Life-cycle cost


Also found in: Financial.

life-cycle cost

[′līf ‚sī·kəl ‚kȯst]
(engineering)
A measurement of the total cost of using equipment over the entire time of service of the equipment; includes initial, operating, and maintenance costs.

Life-cycle cost

The total cost of acquiring, owning, operating, and disposing of a building or building system over its entire useful life. It includes the cost of land acquisition, construction costs, energy costs, the cost to maintain, service and repair the building and its systems, costs of system replacement, financing costs, and residual or salvage value at the end of the building’s useful life.
References in periodicals archive ?
The tool aims at minimizing the life-cycle cost of chilled-water plant by finding optimally both condenser water- and chilled-water-side design variables such as chilled water and condenser piping sizes, chilled- and condenser water temperature differences [DELTA]T, and chilled-water supply temperature.
A source-selection team that wishes to use LCC or the most probable life-cycle cost (MPLCC) for cost contracts in its source-selection criteria will run into a great deal of resistance.
In conjunction with the LCCC update, AGA released "Costs Less, Lasts Longer," which discusses the parameters of initial and life-cycle cost analyses, and provides four case studies.
Life-cycle cost comparisons were made for one-lamp and three-lamp luminaires for TFLs and TLEDs, and two-lamp luminaires for TFLs and all three LED retrofit options.
General Services Administration (GSA) to consider life-cycle costs during the design of buildings for structures whose estimated construction costs top $1 million, and where the federal government is paying more than half of the construction expenses.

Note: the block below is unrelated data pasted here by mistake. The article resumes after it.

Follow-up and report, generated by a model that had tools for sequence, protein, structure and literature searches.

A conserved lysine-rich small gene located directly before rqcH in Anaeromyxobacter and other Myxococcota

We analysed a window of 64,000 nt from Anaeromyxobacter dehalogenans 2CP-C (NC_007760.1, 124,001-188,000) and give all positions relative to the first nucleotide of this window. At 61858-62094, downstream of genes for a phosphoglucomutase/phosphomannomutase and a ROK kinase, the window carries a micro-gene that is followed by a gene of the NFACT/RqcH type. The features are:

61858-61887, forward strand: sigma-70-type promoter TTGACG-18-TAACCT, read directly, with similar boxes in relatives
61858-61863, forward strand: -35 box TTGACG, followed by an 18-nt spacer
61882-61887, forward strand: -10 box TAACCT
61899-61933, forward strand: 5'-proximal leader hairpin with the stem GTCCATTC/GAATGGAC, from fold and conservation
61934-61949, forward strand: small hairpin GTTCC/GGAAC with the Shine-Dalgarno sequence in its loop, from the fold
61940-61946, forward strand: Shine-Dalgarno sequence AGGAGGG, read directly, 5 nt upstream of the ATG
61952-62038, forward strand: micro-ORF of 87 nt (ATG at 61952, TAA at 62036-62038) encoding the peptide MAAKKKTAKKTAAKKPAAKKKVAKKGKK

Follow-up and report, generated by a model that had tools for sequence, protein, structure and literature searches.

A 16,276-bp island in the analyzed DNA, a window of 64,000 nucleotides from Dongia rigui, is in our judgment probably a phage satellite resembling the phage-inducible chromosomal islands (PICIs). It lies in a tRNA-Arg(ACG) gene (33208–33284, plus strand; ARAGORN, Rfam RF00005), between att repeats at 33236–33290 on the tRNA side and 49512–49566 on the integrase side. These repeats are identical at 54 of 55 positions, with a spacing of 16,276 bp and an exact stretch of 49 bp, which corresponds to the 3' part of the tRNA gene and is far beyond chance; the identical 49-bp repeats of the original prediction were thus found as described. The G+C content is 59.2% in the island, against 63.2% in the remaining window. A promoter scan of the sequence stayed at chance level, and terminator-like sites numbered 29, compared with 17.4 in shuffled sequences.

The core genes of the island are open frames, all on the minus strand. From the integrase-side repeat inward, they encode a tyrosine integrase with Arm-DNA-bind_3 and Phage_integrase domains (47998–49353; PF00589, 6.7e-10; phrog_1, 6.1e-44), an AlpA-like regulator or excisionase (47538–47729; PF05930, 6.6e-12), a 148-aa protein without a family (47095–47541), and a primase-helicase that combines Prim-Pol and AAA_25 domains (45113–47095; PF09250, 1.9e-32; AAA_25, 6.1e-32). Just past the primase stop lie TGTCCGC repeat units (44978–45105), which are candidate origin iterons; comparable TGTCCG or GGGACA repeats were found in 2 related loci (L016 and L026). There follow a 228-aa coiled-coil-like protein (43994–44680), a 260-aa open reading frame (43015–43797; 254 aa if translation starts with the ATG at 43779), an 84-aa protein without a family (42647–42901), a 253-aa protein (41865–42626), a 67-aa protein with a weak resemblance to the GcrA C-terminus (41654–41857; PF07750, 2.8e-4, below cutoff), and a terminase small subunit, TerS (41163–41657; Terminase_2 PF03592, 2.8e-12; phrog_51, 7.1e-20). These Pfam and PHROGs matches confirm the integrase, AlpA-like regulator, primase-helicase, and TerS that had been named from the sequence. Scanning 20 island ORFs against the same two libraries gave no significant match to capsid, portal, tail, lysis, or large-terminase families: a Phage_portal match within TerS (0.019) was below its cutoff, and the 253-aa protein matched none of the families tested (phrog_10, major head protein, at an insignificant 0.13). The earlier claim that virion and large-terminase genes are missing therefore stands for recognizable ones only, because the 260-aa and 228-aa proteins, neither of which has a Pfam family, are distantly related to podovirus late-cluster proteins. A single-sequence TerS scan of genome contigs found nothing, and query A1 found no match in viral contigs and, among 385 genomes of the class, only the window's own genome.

GAO's objectives were to (1) develop an independent estimate of the full life-cycle costs to homeport a nuclear aircraft carrier at Mayport and (2) determine to what extent the Navy's estimate meets the characteristics of a high-quality cost estimate.
These trends suggest the existence of a particular value of the maintenance period for which the expected life-cycle cost becomes a minimum value.
We pursued and were a leader in developing both molten carbonate and phosphoric acid fuel cell technologies until the late 1980s, at which point we made a strategic decision to commercialize only phosphoric acid due to its superior durability, reliability, and lower life-cycle cost.
"The structural integrity of the design along with the plant's operating features and benefits are what translates into supporting the lowest possible life-cycle cost," he says.
Many agencies are investigating economic tools such as life-cycle cost analysis (LCCA) that will help them choose the most cost-effective alternatives and communicate the value of those choices to the public.
The system must have a low life-cycle cost; must be technically robust, reliable, maintainable, socially acceptable, and affordable; must be manufactured and serviced in a developing country; and must not degrade other water quality characteristics.